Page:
Somalia, Ethiopia and Afghanistan tops IRC’s emergency watchlist 2023

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The International Rescue Committee (IRC) released its annual Emergency Watchlist, highlighting the 20 countries most at risk of deteriorating humanitarian crises in 2023.
This year, Somalia, Ethiopia and Afghanistan top the Watchlist, as East Africa faces the worst drought in decades and economic turmoil continues to compound needs in Afghanistan.
With over a third of a billion people in humanitarian need around the world and 100 million people displaced, IRC expert analysis clearly shows that the guardrails designed to prevent humanitarian crises from spiraling out of control – from diplomatic agreements and law-of-war tribunals to climate early warning systems and humanitarian aid itself – are being dismantled. Beyond the individual crises to watch, the report dives deep into the three major accelerators of humanitarian crises – armed conflict, climate change, and economic turmoil – and highlights what can be done to rebuild guardrails against a runaway world.
David Miliband, President and CEO of the IRC said, “the Emergency Watchlist shows record levels of humanitarian need in 2022 and real peril ahead for 2023. A year ago we diagnosed a global ‘System Failure’ – deficits in respect of state actions, diplomacy, legal rights and humanitarian operations that are driving the increased numbers of people in humanitarian need. Yet humanitarian need, forced displacement and food insecurity have all worsened since then. This system failure can be seen in this year’s figures: humanitarian need has jumped by 65 million people since last year, displacement has ballooned to over 100 million people.”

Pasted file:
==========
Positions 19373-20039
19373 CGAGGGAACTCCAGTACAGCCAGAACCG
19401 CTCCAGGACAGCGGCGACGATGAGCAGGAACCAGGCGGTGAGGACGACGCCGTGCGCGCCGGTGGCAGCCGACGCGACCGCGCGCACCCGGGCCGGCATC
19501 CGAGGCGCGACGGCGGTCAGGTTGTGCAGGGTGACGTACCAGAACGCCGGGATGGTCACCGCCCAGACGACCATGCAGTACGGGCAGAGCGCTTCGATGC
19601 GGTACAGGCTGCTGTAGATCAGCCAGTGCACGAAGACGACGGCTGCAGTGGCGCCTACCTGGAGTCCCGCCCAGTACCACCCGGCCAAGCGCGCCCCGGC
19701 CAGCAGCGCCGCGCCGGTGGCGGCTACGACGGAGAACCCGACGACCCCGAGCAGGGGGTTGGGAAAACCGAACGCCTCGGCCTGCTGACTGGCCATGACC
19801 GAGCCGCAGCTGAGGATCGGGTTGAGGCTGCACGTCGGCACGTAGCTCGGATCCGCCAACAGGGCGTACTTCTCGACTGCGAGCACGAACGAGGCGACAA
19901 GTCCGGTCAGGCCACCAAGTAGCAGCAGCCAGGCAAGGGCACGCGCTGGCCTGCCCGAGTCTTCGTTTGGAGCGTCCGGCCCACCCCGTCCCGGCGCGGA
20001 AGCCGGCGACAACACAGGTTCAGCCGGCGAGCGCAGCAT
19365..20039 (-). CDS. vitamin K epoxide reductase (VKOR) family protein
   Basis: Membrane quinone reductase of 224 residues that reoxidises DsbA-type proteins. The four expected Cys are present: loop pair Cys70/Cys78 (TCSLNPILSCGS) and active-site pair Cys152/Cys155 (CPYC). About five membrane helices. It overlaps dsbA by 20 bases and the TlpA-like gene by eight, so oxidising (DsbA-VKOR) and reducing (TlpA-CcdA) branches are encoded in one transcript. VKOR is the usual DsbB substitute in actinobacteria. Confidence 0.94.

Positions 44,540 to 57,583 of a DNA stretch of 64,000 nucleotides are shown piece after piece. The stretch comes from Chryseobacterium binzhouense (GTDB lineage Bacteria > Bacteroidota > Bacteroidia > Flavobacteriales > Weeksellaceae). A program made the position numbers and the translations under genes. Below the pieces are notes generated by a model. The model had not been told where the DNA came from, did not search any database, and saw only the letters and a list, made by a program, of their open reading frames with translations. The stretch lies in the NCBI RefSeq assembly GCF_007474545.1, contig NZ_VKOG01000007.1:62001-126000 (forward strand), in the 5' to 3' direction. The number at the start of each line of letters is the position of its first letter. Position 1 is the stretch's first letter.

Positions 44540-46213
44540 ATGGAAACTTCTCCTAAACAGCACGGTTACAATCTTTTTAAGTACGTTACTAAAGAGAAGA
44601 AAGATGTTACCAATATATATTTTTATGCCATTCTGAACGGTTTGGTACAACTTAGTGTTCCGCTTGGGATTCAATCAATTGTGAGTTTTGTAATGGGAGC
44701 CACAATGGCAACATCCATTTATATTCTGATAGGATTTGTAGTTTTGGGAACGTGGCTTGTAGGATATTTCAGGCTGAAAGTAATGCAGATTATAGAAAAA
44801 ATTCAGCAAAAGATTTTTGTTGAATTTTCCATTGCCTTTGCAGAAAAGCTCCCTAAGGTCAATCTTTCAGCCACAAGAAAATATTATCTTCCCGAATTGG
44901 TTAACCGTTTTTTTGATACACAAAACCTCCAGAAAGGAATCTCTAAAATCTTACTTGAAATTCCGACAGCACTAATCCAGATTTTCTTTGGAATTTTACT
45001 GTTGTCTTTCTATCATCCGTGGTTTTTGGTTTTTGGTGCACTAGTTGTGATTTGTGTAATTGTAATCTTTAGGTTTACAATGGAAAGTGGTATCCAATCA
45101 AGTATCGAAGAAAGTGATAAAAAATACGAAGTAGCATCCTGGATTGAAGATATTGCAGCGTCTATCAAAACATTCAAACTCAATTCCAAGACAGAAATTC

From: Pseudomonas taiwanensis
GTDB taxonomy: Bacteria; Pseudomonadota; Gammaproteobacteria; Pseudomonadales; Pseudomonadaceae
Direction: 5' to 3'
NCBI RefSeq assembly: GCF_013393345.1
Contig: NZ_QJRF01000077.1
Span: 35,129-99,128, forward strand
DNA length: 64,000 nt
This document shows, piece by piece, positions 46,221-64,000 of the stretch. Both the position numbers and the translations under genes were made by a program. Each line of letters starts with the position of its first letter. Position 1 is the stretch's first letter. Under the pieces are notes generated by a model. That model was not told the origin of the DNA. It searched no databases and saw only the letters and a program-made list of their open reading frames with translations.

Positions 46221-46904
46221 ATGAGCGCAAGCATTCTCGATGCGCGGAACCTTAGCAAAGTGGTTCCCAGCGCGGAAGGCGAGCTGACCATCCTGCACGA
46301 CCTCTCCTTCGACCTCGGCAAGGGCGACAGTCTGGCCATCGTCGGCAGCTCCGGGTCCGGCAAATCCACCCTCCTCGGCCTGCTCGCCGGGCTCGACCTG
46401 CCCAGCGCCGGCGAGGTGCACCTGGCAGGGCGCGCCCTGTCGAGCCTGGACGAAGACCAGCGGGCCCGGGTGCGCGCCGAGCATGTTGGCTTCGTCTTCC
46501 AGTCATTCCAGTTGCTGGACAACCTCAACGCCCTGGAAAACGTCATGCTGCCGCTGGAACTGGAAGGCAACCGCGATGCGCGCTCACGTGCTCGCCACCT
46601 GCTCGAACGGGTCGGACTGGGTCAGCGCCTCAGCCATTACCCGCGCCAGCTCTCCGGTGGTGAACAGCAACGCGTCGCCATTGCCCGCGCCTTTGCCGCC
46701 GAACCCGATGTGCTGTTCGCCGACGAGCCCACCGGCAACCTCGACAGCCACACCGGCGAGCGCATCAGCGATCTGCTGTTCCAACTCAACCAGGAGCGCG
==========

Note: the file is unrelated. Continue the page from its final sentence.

He further added “in this year’s Watchlist, we address the spiraling humanitarian need at ground level. The evidence we present shows that the guardrails that protect people from humanitarian catastrophe are being weakened in fragile and conflict states around the world. These guardrails are local, national and international systems designed to limit the impact of humanitarian crises on affected communities and to prevent crises from spiraling out of control. But the scale and nature of conflict, climate change and economic turmoil left unchecked in too many places is over-loading these systems. One need only look to the war in Ukraine to understand the impact of the unraveling of global guardrails against conflict, and the close association with humanitarian crises.”